Typical day in Panamá + things in the works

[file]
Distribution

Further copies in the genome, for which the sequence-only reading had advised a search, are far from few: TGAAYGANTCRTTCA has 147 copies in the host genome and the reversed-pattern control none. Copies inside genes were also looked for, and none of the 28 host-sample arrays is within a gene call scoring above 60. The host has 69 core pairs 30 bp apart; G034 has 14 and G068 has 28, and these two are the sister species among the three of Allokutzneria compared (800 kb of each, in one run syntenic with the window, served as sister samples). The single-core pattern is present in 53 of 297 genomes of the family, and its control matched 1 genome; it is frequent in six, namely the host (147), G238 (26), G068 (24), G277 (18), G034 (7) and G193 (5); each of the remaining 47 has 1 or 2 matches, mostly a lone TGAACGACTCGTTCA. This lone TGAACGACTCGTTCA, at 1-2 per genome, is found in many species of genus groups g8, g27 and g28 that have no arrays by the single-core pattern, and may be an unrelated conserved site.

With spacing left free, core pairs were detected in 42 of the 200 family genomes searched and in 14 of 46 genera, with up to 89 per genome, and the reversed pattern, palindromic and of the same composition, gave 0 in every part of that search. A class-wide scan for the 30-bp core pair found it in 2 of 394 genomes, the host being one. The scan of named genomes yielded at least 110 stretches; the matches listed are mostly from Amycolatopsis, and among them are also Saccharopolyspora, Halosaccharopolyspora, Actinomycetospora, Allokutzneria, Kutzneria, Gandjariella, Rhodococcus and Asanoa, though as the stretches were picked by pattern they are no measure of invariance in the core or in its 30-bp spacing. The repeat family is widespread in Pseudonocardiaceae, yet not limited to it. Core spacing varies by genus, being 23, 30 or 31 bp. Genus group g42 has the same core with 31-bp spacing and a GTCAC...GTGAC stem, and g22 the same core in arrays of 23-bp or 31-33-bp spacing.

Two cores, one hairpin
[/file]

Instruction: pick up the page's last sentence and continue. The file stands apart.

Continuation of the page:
I wake up and get my delicious café con leche. Most mornings I go to the back patio and sit in the hanging wicker chair while I read my devotion or write in my journal. From the back patio, as I come out the door, I can see the tops of the downtown skyscrapers off in the distance if I stand on my tip-toes and look beyond the houses and if it is a particularly cloudless day. If it is a laundry day I will throw my clothes in the outside wash and wait while I read/write outside, then hang the clothes on the line to dry. Sometimes I have cereal for breakfast but many times Tirza (the mom) has any combination of the following ready: toast with guava jelly, eggs, platanos, beans, ham, salchichas, ect. One morning we had a Mexican breakfast of huevos rancheros and another morning we had a breakfast from Spain of toast with mashed tomatoes. It was a lot better than I expected. I love tomatoes anyway, no matter how they are served. (one thing I miss is my grandmother’s tomato gravy…. with just-picked-this-morning-from-the-garden-fresh tomatoes, right Poppy?) 😉 After breakfast, I wash my dishes and start whatever assignment I have for the day. So far, it has mainly been working with graphic design, formatting reports and working with print media/material for their missions liaison agency. They (Dr. Edwin and Tirza) are promoting missions in the churches here and are trying to rally them together to work towards missions projects abroad and locally. >>> One local project that has been on their heart (and now on mine too) is a children’s home that lies a few minutes out of the city. We were able to visit the kids and staff on Tuesday. As we turned off the paved road onto a little bumpy dirt street, I was reminded of Honduras. That made me feel at home. I could see the modernity and wealth of city life begin to fade to poverty. We approached the property and I noticed an unkept basketball court that appeared as if it hadn’t been used in a while. The building was a good size but had paint chipping off the walls. I learned that although there were beds and space for 50 children, their support and funds only allowed them to house 8. The home staff consisted on one couple and a lady to help with cooking. I spent a little time getting to know the kids and we laughed and talked about English class at school, where I was from, sports and I taught them the alphabet in American Sign Language. I didn’t take any pictures because it was my first visit there and I just wanted to spend time getting to know them and letting them know me before I flash a camera in their face. We are hoping to get a promo video proposal approved to help raise support for them. I can’t wait to start filming. Nor to go back and spend time with them. (that is definitely more my thing than print media) >>> So, in the afternoons, Elias (the young son), gets home from school, walks in the door and says to Tirza, “hola mamá.” “Hola mi amor.” Then he goes into some theatric story about what happened in class – usually really good or really bad. (like making a 4 on a quiz rather than a perfect 5… he is very intelligent) After we wash our hands and we have the table set, we give thanks and eat lunch. (very late lunch) But this is the most important meal of the day – like multiple courses. We always eat lunch together. Breakfast and dinner not as much. Sometimes in the evening while Elias is studying on his own I will watch a re-run of 7th Heaven with Tirza. Then, if he has finished his other homework, Elias comes to me for help with his English work. After that, we have a small dinner and get ready for bed. >>> This past weekend I met some friends from a nearby church at a cell group I attended. It was held at the pastors’ house. Afterwards, they took me downtown for a little sightseeing and we walked along the coast (what they call the Cinta Costera.) It is without sand and is a man-made coast, basically rocks and a cement wall. But the city lights are glorious at night! The reflection off the ocean is fantastic. It was good to get out and see where I am actually living. Sunday afternoon I went with them to a park/outdoor recreational center downtown to do some physical activity. Five days of “office work” makes me realize how important it is to get out and move! It was a good weekend. >>> Tirza and I are currently planning some children’s missions books/curriculum. The goal is to teach kids at a young age about missions. I remember the first time I heard a missionary speak – it was the summer after my second grade at a Missionary Alliance church kids camp. I don’t remember where the couple had been but I saw slides of beautiful dark-skinned people with a lush green background and I wanted to go. I know that God can call us at any age or stage in life. We want to collect real stories of missionaries & their kids – especially missionaries who were called to the field at a young age. >>> Also… we are busy planning a medical trip coming up! (so excited) A group from VIMM will be joining us here and we will spend a week with indigenous people groups a few hours out of the city to bring them medical attention. 🙂 I am just so thrilled to be a part. >>> Those are all the updates I have for now. Stay tuned.

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